“I am my own man.”
Five words from Ron Francis, and perhaps the most important ones he uttered at his introductory press conference as the Carolina Hurricanes’ new executive vice president and general manager on Monday.
It’s perhaps his toughest sell to the fans: That promoting from within won’t simply be a continuation of Jim Rutherford’s two decades of service with the franchise.
Francis was quick to defend his predecessor’s track record – two Stanley Cup Finals appearances, the lone Cup win in 2006. Of course, the teams Rutherford build since the Cup victory missed the playoffs in all but one season, their conference final loss in 2009.
How can Francis be his own man when he’s been part of the braintrust since Nov. 2006, and hence part of that demise for the Hurricanes as a playoff contender?
He’s claiming that the reset button has been pressed.
“I look at this as a fresh start,” he said. “I have a good understanding of what we have, and what we need.”
What they have: 10 players signed through 2016, already having $47.6 million on the books for two seasons from now. That includes an astounding $27.55 million against the cap for four players: Eric Staal, Alex Semin, Jordan Staal and Cam Ward.
If Francis is his own man, he’ll take a sledge hammer to the core of a non-playoff team. Cam Ward should be the first name on that chopping block – there’s zero need to have a $6.3 million cap hit tied up in a goalie that’s not among the NHL’s elite, with Anton Khudobin ready and other goalies that would cost considerably less than Ward available.
Do Eric or Jordan Staal get the hammer, too? Trading the franchise’s star captain would be a game-changer, and maybe a little too bold for a first-year GM. Trading his brother would be easier, but Jordan Staal had a sneakily good season for the Hurricanes, and was their second-best puck possession forward.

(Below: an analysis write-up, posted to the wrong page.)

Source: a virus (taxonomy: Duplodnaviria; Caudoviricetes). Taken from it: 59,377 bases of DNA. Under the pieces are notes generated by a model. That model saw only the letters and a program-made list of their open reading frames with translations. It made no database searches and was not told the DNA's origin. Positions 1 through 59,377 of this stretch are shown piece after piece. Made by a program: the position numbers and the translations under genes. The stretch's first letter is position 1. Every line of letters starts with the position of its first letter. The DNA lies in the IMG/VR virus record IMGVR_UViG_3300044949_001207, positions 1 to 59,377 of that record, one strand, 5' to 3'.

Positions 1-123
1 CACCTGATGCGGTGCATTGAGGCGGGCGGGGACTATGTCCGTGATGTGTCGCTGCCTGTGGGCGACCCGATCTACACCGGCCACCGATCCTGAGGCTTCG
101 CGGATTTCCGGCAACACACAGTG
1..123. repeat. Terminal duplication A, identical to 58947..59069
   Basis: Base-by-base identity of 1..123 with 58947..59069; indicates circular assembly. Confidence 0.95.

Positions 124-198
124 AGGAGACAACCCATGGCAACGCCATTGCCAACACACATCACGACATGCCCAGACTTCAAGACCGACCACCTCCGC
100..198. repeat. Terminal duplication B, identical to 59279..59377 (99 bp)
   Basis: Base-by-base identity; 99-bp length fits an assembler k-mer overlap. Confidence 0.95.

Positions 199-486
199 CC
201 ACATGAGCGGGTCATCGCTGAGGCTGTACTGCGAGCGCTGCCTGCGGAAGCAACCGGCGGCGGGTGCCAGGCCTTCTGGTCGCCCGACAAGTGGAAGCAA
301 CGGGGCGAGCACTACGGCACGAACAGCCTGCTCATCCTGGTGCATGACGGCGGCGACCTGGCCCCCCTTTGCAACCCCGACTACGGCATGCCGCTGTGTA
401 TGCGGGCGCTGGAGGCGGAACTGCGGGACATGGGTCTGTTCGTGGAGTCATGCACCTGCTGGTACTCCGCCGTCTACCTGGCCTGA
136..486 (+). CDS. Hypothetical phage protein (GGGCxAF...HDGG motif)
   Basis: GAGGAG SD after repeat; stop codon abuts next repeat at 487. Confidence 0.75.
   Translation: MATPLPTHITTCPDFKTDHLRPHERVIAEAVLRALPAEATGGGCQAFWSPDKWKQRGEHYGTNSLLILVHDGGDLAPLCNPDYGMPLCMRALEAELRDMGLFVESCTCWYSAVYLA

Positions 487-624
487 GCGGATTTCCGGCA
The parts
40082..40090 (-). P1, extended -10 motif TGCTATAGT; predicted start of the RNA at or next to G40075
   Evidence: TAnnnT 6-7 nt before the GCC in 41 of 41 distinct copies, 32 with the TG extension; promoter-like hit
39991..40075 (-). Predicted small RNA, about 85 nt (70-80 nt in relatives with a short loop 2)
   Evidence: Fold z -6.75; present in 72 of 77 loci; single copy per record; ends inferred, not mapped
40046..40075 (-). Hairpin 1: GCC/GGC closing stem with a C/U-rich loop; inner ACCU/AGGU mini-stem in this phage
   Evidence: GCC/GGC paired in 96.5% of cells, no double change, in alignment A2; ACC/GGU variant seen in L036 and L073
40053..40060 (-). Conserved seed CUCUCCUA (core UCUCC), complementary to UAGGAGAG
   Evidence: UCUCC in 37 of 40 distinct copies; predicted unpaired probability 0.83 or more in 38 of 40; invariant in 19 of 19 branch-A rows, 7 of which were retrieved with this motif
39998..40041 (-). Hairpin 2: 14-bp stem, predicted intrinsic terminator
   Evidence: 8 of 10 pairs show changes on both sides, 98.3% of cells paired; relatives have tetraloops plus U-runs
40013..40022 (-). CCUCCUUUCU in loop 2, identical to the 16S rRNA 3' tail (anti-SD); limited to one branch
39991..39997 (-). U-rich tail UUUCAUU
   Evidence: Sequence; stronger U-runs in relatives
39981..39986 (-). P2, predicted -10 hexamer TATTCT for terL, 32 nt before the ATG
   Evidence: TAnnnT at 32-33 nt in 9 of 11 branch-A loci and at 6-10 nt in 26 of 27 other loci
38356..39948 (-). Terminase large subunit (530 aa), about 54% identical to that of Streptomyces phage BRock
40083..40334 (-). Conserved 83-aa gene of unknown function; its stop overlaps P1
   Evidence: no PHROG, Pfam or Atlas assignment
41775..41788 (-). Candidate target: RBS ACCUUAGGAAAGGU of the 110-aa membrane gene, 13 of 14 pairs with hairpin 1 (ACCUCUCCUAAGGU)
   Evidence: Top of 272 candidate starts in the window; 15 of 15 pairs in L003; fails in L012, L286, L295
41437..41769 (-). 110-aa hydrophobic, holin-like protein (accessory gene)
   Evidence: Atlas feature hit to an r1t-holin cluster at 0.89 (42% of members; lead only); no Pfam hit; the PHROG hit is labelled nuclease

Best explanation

(They both also have no-trade clauses thanks to Mr. Rutherford.)
So what will Francis do? He needs to do something. Owner Peter Karmanos, Jr. admitted that “our season-ticket renewals right now aren’t good, and I don’t blame anybody because we’ve missed the playoffs for five years, but when we do go back on the ice next year, we need that fan support.”
The quickest, least bloody fix would be to fire Kirk Muller, and turfing a coach is a long-standing tradition for new GMs. Francis said he hasn’t made that call yet.
“I haven’t at this point. It’s a decision that needs some due process,” he said.
(Wonder if Ronnie is as fond of recycling as Jimmy was. Peter Laviolette gotta eat …)
Obviously the time had come for a change. A tap of the stick to Jim Rutherford, who really did make the most of what he was given in Carolina. Luck wasn’t always on his side, and sometimes his blind loyalty to the players wearing the swirling toilet on their chests was to his detriment, but Rutherford was a class act. “Twenty years was a long time for me. I’ve thought about this for a few years. The time is right now,” he said.
Said Karmanos in a statement on Rutherford, who remains as a president-in-name-only gig:
“Based on Jim’s decision to step down as GM, now is a good time to go in a new direction,” said Karmanos.
“Ron has dedicated himself to learning all aspects of running a hockey team in the past eight years, working in player development, on the coaching staff and in hockey operations. He has proven that he has the work ethic and passion to get the Hurricanes back into the Stanley Cup Playoffs.
“I am happy that Jim will retain a role with our team, and I thank him for his 20 years as our general manager. He leaves quite a legacy with our organization, bringing the team three divisional championships, two conference titles and the Stanley Cup.”
But what’s his real legacy? He was that baseball slugger that either hit one out of the park or whiffed. Sixteen years in Raleigh. Two conference titles, one Stanley Cup and 11 seasons without a playoff berth – playing in the Southeast Division, no less.
“I don’t want to build a team that gets into the playoffs for one year,” said Francis .
Those were the second-most important words he uttered on Monday.